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  Wanderlust Home and Pet Care

New Zealand  Farm

July 21:  Jan and Duncan had a party to go to in Wellington. They dropped us off at the motel. We thankfully didn’t have to figure out transportation to the motel. The motel is near the airport as we have a 6:40 am flight to Sydney tomorrow which means getting up at 4:15 am - ugh. We’ve had a delightful time in beautiful New Zealand. I will look forward to coming back to see the south island but NOT during the winter.

July 20:  Jan and Duncan arrive home after their wonderful vacation to the UK, Spain and France.

July 15:  We had Bill, Lynn and Hillary for Brunch today. I don’t think they had ever had a Mimosa.

July 12:  Simon invited us to see sheep shearing at his Boss’s farm. They had culled 750 rams about 12 months old for the process. The wood from each ram is weighted and credited with the figure by using a barcode. The farmer will keep very detailed records on each ram using that barcode. It’s all very scientific. After the shearing Simon would inspect about 8 rams at a time for undesirable characteristics i.e. black spots, improper hooves, only one testicle, abnormal growths etc. Those rams that don’t pass the test will be used for food. The cull out about 25% undesirable rams from the young rams. They wanted as perfect a ram as they can produce to promote excellent breeding genes. The price of an undesirable ram will drop from NZ$ 1,500-2,000 to $150-200. This farm is one of the top ram producers in the world. It was a very interesting morning.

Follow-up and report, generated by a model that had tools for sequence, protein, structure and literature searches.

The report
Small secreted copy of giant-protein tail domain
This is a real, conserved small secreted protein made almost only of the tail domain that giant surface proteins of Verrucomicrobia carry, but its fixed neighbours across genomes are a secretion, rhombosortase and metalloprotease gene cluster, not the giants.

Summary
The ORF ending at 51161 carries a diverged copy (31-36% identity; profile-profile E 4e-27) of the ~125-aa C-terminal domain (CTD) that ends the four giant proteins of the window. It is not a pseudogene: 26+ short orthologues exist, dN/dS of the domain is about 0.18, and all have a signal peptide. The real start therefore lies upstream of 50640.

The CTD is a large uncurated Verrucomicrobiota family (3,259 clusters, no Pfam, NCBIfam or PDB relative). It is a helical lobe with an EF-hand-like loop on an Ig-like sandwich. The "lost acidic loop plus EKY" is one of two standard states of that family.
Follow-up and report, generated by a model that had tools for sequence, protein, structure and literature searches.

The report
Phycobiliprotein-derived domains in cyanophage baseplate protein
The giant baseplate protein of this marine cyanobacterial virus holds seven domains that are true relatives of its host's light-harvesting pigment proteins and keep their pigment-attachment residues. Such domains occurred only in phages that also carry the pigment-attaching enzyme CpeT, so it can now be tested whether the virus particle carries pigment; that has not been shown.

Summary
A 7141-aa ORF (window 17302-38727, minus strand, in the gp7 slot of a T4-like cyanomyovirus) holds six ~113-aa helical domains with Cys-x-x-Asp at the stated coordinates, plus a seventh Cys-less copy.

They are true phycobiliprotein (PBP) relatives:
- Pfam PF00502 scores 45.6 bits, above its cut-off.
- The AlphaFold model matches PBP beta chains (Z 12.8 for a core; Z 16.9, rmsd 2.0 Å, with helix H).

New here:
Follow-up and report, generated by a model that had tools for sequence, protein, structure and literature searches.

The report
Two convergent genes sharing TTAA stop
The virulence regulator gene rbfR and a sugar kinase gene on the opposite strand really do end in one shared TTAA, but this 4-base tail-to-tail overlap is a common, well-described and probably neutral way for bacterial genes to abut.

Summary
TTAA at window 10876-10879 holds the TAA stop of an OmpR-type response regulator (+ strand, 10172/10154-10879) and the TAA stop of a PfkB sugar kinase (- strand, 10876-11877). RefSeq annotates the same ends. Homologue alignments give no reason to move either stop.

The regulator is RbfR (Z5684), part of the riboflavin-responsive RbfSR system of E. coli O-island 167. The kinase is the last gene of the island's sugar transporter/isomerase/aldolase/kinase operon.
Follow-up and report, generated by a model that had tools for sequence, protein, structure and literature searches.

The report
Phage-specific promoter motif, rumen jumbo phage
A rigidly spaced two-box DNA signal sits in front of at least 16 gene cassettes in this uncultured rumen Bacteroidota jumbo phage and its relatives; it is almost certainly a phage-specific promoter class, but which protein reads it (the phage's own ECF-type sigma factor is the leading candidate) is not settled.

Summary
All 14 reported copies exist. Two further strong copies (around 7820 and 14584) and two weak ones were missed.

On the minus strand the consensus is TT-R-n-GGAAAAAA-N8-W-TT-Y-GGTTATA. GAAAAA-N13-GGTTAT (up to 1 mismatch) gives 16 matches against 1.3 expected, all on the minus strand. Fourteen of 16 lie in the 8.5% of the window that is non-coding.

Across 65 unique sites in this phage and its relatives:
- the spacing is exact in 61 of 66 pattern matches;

July 7:  Last night we had the neighbors over for dinner. I forget the energy that a 20 month old has. Wish I could bottle that energy.

This morning was sunny so not to waste the day I contacted Jacqui, owner of the B&B, to see about stopping by for a visit. The home is perfect for a B&B and the garden is amazing.

July 4: Happy Independence Day Our celebration started the night before at 10:36 PM when we were in bed. We had a 6.2 earthquake. Because it was deep in the ocean the effect wasn't severe. It reminded me of being in a sieve, shaken from left to right. I was a little scared. Nothing was broken.

June 25: It was sunny all day so we drove to Martinborough for wine tastings and geocaching.

June 23: We were visited by Jacqui who owns the Whangaimoana Gardens Bed and Breakfast. She brought a lemon cake that I will look forward to having after dinner tonight. Julie Newmar stayed at the B&B. Remember, she was Cat Woman on the Batman TV show? I never missed that show.

June 21: Maggie likes eggs. I placed the only egg gathered from the hens in the plastic container used to collect our leftovers for the hens. I placed the contained on the ground by the back door while I helped Gary load the wheel barrow with wood for the stove. Next thing I know the egg is in Maggie’s mouth. I have learned an important lesson.